The Gold Nations Of The World Gold Stamp Issue is the perfect financial placement in that you cannot lose. For indeed, if after owning your completed Collection for five years you should for any reason wish to dispose of it, the official postal agency of Staffa Scotland will buy it back from you for every cent of the price you paid, provided only that the set is complete and in good condition."
This statement omits any reference to the manner in which the repurchase price will be paid.
15. a. Respondent mails the Gold Nations gold stamps to purchasers together with a letter (Compl. Ex. 5) congratulating the collector (purchaser) upon "acquiring rare art objects" and the "secure feeling of owning precious gold" which are said to have appealed to man as a collector for thousands of years. The letter then refers to the Gold Nations series as "one of the most limited editions of commemorative stamps" followed immediately by references to 400% price increases of "selected" rare stamps and the quadrupling of gold value over the past five years (id., ltr, 3rd and 4th pars.). It also points out that those who subscribe too late will have to buy in the "aftermarket" at "whatever price the traffic will bear." Respondent states that it "expect s " that there will be "quite a few persons eager to do so" and that its "collectors have found out to their great delight" that the stamps represented "an art form that is highly in demand."
b. The letter includes the United States stamp of the series, a bill for the No. 2 (Netherlands) stamp and a green slip entitled "NO RISK 100% REPURCHASE GUARANTEE" which is couched in the same terms as the statement in the pamphlet (Compl. Ex. 3, p. 18; FF No. 14c(5), supra) and omits the reference to the mode of repayment found in the initial order blank (Compl. Ex. 3, p. 1).
16. The U. S. Bicentennial Coin sets include a L 6 Staffa Scotland gold stamp (see Compl. Ex. 4) which, as far as the record shows, is not sold independently. Mutatis mutandis this stamp does not differ in the characteristics and status relevant to this proceeding from the Gold Nations stamps. Accordingly, the ultimate findings of fact made in paragraph 17 below, would apply to it. Any representation found to be false as a matter of fact in respect of the Gold Nations stamps would also be false in respect of the gold stamp which forms part of the "U.S. Bicentennial Coin Sets." However, in the light of the parties' consent agreement no further findings on this stamp are required at this time.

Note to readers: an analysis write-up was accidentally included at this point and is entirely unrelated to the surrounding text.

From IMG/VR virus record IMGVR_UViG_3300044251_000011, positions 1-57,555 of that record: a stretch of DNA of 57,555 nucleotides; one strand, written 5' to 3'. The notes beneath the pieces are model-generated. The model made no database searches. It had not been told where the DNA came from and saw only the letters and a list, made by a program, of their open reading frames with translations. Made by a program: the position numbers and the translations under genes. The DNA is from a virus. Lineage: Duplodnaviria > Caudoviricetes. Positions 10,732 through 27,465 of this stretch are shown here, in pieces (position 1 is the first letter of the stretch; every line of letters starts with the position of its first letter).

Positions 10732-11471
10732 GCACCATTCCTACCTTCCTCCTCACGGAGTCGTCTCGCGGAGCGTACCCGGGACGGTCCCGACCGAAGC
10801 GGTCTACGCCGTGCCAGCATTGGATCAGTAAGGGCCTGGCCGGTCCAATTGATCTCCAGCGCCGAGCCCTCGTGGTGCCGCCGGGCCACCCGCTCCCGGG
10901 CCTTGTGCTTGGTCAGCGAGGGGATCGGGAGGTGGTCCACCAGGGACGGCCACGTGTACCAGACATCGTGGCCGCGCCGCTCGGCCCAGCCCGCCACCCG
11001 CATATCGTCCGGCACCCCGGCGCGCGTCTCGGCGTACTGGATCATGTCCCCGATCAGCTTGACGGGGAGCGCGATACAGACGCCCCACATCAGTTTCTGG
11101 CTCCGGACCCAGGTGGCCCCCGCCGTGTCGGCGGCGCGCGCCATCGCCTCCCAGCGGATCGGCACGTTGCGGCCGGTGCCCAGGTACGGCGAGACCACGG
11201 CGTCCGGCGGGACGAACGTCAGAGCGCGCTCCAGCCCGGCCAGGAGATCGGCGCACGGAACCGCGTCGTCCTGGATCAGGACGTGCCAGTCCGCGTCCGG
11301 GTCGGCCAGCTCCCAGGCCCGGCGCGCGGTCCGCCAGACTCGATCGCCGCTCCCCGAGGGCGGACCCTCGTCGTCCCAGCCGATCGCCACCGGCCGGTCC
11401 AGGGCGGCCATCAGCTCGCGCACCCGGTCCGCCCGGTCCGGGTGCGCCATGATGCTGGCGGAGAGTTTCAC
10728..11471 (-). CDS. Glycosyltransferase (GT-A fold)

17. Based on the detailed findings of fact made above and the record as a whole, I find:
a. (i) Respondent admits making the representations alleged in paragraph 2(i) of the amended complaint but the advertising material itself does not state that each Gold Nations stamp has a philatelic value of $20.00. Rather, it states that the cost of each stamp is $20.00 and clearly this means cost to the buyer. This statement is indisputably correct and carries in itself no connotation of value.
(ii) The Gold Nations stamps are a so-called British private local issue with a very limited but legitimate postal function and can in good faith be described as postage stamps.
(iii) The representations found to have been made by respondent, as alleged in paragraph (3)(i) of the complaint, are not false.
b. (i) Respondent's denial that it represents that a substantial portion of the value of the Gold Nations stamps is in the value of the gold from which they are fabricated (Compl., par. (3)(1)) is correct. While respondent's advertising material extensively refers to the lure and attractiveness of gold as a material for all manner of artifacts, including stamps, it is the attractiveness of the material and the skill with which it is said to have been worked into stamps rather than the tiny amount thereof in each stamp which is said to enhance the value of the stamps as a collectors' item.
(ii) Respondent does not make the representations charged in paragraph (3)(1) of the complaint.